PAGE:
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Auras may not protect epileptic drivers

Auras may not protect epileptic drivers

crashA new Yale co-authored study suggests that experiencing warning signs before seizures may not contribute to an epileptic individual’s driving safety.

Yale researchers found that people with uncontrolled seizures who experienced “auras”- — reliable warning signs before a seizure — had motor vehicle accidents just as often as those who did not have auras. The findings, published in September in the journal Epilepsia, have implications for legislation in states where auras are used to gauge whether someone with epilepsy can drive safely.

“Having an aura before your seizures doesn’t protect you from having an accident while driving, which means that, unfortunately, we should not be allowing patients who have a warning before their seizures to drive if the seizures are still uncontrolled,” said Hal Blumenfeld, neurology professor and director of the Yale Clinical Neuroscience Imaging Center.

However, past epilepsy research has yielded opposite conclusions. Some former studies have found that auras decrease the number of motor vehicle accidents incurred by patients who had a seizure while driving, while other investigations have found that auras have no protective benefits.

Using data from the Multicenter Study of Epilepsy Surgery, the researchers examined two groups: patients who had an accident due to having a seizure while driving and patients who were able to prevent accidents despite having a seizure while driving. In a questionnaire, the researchers asked epileptic subjects about their auras and other details about their seizures, including duration and frequency.

Researchers recorded the percentage of auras within the two groups and found that motorists with auras had an equal chance of having an accident when compared to those who did not have dependable warning signs prior to their seizures.

The researchers also explored whether longer auras provided benefits to patients, finding that auras did not help motorists drive more safely, regardless of their length.

Most states do not allow a person with episodes of impaired consciousness to drive, Andrew Cole, director of the Massachusetts General Hospital Epilepsy Service, said. States have varying time limits on how long a person has to go without an episode before he or she is once again permitted to drive an automobile, Cole said. These limits range from three months in Arizona to a year in many other states.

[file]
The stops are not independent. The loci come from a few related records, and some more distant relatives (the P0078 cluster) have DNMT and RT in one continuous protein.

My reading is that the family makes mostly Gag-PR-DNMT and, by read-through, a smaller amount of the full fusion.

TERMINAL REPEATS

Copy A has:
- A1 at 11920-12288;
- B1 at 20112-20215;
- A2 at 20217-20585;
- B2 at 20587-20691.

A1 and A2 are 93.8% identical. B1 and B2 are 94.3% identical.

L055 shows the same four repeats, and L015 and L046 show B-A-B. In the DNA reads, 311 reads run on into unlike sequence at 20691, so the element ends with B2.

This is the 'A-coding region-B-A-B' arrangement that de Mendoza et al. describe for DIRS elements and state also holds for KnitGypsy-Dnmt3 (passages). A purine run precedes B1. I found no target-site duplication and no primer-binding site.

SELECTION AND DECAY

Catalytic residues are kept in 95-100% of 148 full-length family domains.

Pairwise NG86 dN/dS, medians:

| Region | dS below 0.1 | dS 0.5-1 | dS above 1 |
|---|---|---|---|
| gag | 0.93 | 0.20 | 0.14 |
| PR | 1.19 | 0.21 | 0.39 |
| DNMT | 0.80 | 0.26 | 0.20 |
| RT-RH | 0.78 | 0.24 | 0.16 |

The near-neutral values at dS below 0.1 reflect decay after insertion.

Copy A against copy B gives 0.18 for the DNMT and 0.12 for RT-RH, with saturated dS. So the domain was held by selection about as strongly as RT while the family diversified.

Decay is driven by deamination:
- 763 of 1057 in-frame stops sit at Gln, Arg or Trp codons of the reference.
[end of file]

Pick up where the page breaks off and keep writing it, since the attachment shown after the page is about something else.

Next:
“Obviously the time limits are arbitrary. If one state says three months and one state says a year, it’s clear that there’s not very good data to decide what the right length of time is,” Cole said. “But everyone agrees that some length of time seems reasonable; how long depends on how conservative you are.”

In 1994, the American Academy of Neurology and the American Epilepsy Society recommended that individuals who had “consistent and prolonged auras” should have shorter bans before they were permitted to drive again. In 11 states, auras continue to be considered in creating legal guidelines on these issues. Because of this consideration, some epileptic individuals begin to drive again earlier than they would have if they had not experienced or reported their auras.

But according to Vineet Punia, co-author of the study and epilepsy fellow at Cleveland Clinic, auras may not help protect epileptic motorists.

“So that means it gives [the patient] a false sense of safety that ‘Oh, I can drive, I have a warning and I won’t have an accident.’ But that doesn’t pan out in reality on the road,” Punia said. “The most important implication is that we should be cautious and not over-rely on this warning they had before their seizure.”

Punia noted the biggest limitation of the study is the questionnaire’s retrospective nature. He added that future testing could administer driving simulation tests while monitoring the electrical activity in patients’ brains.

Still, there are limitations on studying epileptic populations.

“These are patients from the epilepsy surgery database. These are patients who have bad epilepsy. If it’s bad enough that you’re getting epilepsy surgery, it’s bad enough that you shouldn’t be driving, period. So it’s hard to think [the patients] are representative of the general epilepsy population,” Cole said.

According to the Centers for Disease Control and Prevention, about 2.4 million adults have active epilepsy.

 Source: Yale Daily News

 

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1 Comment

  1. I had epilepsy for 40 yes and I always had auros before I had a seizure but O learned in my teen years that just because O felt a seizure coming on it was no way enough time to get to a sage place while driving and I was more apt to kill someone else other than myself and I didn’t want to love with that for the rrdt of my life

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